MICA names Samuel Hoi as next president

  • Samuel Hoi has been named as MICA's next president.
Samuel Hoi has been named as MICA's next president. (Courtesy MICA )
February 10, 2014|By Chris Kaltenbach | The Baltimore Sun

As incoming president of Maryland Institute College of Art, Samuel Hoi is succeeding Fred Lazarus IV, who is retiring this spring after nearly 36 years at the helm of an institution that has seen unprecedented growth and prosperity under his direction.

But he’s not daunted.

“That is the wonderful luxury of not coming to an institution that needs to be fixed,” Hoi said Monday, hours after being named. “I’m actually inheriting a well-run organization that I can actually build on. I don’t see anything that needs to be fixed. But I see an opportunity for a continuation.”

The 55-year-old Hoi is president of Los Angeles’ 1,100-student Otis College of Art & Design. As of July 1, he will replace Lazarus, who saw enrollment more than double — from fewer than 900 students to more than 2,100 — during his tenure. In that time, the size of the campus has increased tenfold and now includes such showpieces as the Brown Center and the Gateway building. Eighteen graduate and undergraduate programs and three research centers have been created. The school's endowment has increased by more than 25 times, to $72 million.

At a time when traditional arts colleges are facing questions about their relevance, about whether they really prepare students for the 21st-century workplace, Hoi said, MICA’s leaders aren’t about to become complacent. And that appealed to him, enough that when he was approached about applying for the MICA position, he decided — for the first time since he arrived at Otis in 2000, he said — to test some new waters.

“I found an incredible amount of openness and anticipation for smart evolution going forward,” said Hoi, “and even a sort of welcome for revolutionary ideas. MICA has always prided itself on being on the cutting edge.”

In Hoi, MICA is getting “a visionary leader who is energetic, brilliant and forward-thinking,” said Kerry Walk, provost at Otis. And, she said, Hoi understands the value of working closely with the surrounding community — a trait he seems to share with Lazarus, who has been roundly praised for acting on the notion that a vibrant, compelling Baltimore goes hand-in-hand with a thriving MICA.

“He really believes in having community impact,” Walk said. “He believes that the arts can revitalize communities. At Otis, he has used the arts to build a coalition across community organizations, governmental agencies and industry partners. I think he sees an opportunity to have an impact on MICA, as well as on Baltimore. He sees those two things as intertwined.”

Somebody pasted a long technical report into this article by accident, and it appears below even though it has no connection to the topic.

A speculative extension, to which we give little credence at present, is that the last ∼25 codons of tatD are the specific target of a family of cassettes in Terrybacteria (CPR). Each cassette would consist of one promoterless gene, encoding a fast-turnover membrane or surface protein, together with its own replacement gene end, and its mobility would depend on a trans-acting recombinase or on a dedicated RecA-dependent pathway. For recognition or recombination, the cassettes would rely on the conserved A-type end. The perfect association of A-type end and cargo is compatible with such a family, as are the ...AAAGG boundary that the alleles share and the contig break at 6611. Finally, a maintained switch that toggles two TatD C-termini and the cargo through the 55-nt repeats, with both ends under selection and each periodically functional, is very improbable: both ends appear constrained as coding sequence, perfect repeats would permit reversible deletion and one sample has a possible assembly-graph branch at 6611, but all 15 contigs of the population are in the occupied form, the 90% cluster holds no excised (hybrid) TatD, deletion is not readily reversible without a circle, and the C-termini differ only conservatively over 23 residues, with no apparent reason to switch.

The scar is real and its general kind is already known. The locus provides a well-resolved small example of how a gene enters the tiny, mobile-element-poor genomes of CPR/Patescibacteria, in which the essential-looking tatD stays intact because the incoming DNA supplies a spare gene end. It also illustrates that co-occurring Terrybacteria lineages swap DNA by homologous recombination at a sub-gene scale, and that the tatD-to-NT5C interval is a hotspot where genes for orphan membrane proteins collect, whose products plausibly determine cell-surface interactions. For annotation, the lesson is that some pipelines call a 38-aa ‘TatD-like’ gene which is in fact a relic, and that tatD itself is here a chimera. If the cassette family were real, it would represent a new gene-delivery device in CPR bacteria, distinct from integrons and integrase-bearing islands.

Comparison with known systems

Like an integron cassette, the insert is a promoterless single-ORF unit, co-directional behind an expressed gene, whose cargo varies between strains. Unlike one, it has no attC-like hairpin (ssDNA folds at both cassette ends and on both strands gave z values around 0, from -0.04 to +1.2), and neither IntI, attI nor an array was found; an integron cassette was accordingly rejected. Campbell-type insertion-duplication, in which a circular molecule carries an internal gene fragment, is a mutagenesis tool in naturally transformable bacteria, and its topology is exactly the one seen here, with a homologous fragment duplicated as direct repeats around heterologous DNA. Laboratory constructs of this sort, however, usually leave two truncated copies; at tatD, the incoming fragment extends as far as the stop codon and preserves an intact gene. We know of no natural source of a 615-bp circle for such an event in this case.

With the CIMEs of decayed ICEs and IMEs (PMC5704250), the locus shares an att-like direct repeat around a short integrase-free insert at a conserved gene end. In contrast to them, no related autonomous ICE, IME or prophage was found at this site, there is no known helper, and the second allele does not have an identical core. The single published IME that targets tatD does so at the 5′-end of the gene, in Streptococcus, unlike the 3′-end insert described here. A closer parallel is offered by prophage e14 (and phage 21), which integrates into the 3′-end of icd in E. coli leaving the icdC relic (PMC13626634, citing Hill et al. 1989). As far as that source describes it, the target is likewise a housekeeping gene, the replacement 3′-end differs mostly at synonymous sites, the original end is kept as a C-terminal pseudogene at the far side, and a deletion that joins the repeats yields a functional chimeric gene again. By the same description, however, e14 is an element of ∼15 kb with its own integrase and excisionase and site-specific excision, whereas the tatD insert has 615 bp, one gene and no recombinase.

Hoi’s challenges will extend beyond MICA’s Mount Royal Avenue campus. The 188-year-old school is an arts college in a neighborhood that’s still fragile economically but that has become a symbol of Baltimore’s potential for rejuvenation.

Under Lazarus’ helm, MICA — by far the largest institution in the neighborhood — has been a pioneer in Station North’s rebirth. The school has a hand in projects such as the Central Baltimore Partnership, where Lazarus currently is chairman of the board, and the Parkway Theatre, which the institution is helping to develop as a live performance complex.

Hoi said that Lazarus’ legacy is a large part of what attracted him to his new job. “My whole life has been about this ecosystem of art and design and education and community engagement,” he said.
“MICA has been an extremely inspiring model for me. A city institution like MICA needs to be deeply connected into the community — and that means that leaders like myself need to be meaningfully involved with and embedded in community organizations. That’s also a great way to learn about the city of Baltimore.”

When Hoi was dean of Washington, D.C.’s Corcoran College of Art and Design from 1991 to 2000, he led several community outreach art projects, including a mentorship program that paired talented inner-city youths with professional artists that won an award from the President’s Committee on the Arts and Humanities.

At Otis, he launched an innovative curriculum in which students use arts and design skills to tackle social issues — which sounds quite similar to MICA’s Master of Fine Arts in Curatorial Practice.
Ben Stone, executive director of the Station North Arts District, said he was looking forward to meeting and working with Hoi.

“MICA was involved in Station North in the early days,” Stone said. “They’re far more involved now, and we’re looking forward to continuing that relationship.”

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